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Trenton anvil and have a few questions


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I got this Trenton anvil a few weeks ago. It seems in pretty good shape, with no real damage that I can tell, and no visible repairs that I can note.

I'm wondering if this anvil is too old, so that its' face is not a highly tempered face. I have dropped a ball bearing on the face and the rebound is poor 50% (or a bit less?). I have 4 older smaller blacksmith hammers and one of them has pretty good rebound off the face, and all around the face , front to back. The other three smaller hammers have poor rebound everywhere. So I am wondering if this anvil is too old to have a highly tempered face? I ask this because I am not sure what to expect about the face response question/health.

The serial seems to be A (lower left leg gone in the divot) 310 (6 seems to be the consensus of the last digit). I do not know how to age this anvil based upon the apparent serial.

Hourglass bottom. On the whole the anvil seems in very good shape. W seems as 178 or 173. I think 178. My lbs scale says 174.5.


There is another Trenton post, here and that anvil seems to have Columbus USA, or something like that below Trenton. On my anvil I can not make anything out below the Trenton name.

Thanks you your help in clarifying these questions.















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Definitely not ''too old'' to have a hardened face plate. You can easily see the line where the HC face starts in your last pic, so it hasn't been milled off either. As Mr. Powers will usually point out, it is possible to have an anvil loose its temper if it was the victim of a shop fire. Make sure that the bearing you are using to test with is actually a real (hardened) bearing and not something else. Also, if there is any rust, paint, oil, or anything but bare steel on either the anvil or the bearing, it can throw the results off very significantly. I doubt this, but someone could have decided to "repair" the face at some point... The rolled edge in the last pic does seem to indicate a softer face than most Trentons i have seen which chip before they roll. Regardless of the rebound, it is still a usable anvil as is, and don't try to repair it without lots of experience and know-how.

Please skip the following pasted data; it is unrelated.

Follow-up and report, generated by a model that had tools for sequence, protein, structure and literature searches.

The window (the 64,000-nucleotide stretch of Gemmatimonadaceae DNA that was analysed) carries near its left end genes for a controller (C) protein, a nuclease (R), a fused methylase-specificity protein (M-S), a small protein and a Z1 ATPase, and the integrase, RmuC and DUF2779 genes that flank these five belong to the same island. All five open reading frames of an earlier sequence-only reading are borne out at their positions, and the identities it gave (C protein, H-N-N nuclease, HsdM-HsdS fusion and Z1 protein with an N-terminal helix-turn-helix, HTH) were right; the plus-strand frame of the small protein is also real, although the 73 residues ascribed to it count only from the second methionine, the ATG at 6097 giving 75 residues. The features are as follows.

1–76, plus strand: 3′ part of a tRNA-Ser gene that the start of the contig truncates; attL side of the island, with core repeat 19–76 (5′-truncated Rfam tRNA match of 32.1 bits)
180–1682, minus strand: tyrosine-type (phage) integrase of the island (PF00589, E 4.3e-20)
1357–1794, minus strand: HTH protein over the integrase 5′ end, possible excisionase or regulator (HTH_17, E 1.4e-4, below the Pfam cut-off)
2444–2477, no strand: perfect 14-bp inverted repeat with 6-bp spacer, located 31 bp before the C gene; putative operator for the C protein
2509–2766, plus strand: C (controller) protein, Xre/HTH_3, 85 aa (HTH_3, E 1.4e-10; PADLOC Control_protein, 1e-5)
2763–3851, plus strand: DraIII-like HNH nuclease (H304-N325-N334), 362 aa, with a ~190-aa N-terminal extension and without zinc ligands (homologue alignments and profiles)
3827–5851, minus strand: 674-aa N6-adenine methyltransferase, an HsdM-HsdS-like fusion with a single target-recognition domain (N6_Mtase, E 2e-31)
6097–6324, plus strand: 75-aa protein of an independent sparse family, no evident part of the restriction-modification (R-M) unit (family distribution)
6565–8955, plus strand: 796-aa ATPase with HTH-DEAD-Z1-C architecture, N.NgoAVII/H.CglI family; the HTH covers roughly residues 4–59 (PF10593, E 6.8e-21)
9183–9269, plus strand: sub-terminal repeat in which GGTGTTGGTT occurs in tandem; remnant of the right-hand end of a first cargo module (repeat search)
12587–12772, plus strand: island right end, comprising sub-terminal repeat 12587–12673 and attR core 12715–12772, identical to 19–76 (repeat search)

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To not have been built with a steel face on it; the anvil would not look like a London pattern one in the first place!

The circular stamp reads Solid Wrought, IIRC.

The mushrooming of the edges seems indicative of having a softer face; with most anvils they fracture on the edges.  If the ball bearing tests out and the face is clean; I'd go with it has lost it's harder temper due to mischance.

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Ok, thank you for the info. These are the ball bearings:

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AISI 52100


The finest quality chrome steel produced in accordance with the highest industry standards. These high precision G25 ball bearings are hot forged from bar stock. Modern furnaces with precisely controlled atmospheres and temperatures are used for heat treating to assure uniform hardness and proper microstructure for each stainless steel ball. Throughout the manufacturing process, statistical process control assures tolerance accuracy, fine surface finish and consistent high quality. Chrome steel balls offer the precise geometry and fine surface finish that makes them especially useful for bicycles, casters, drawer slides, door locks and many other applications."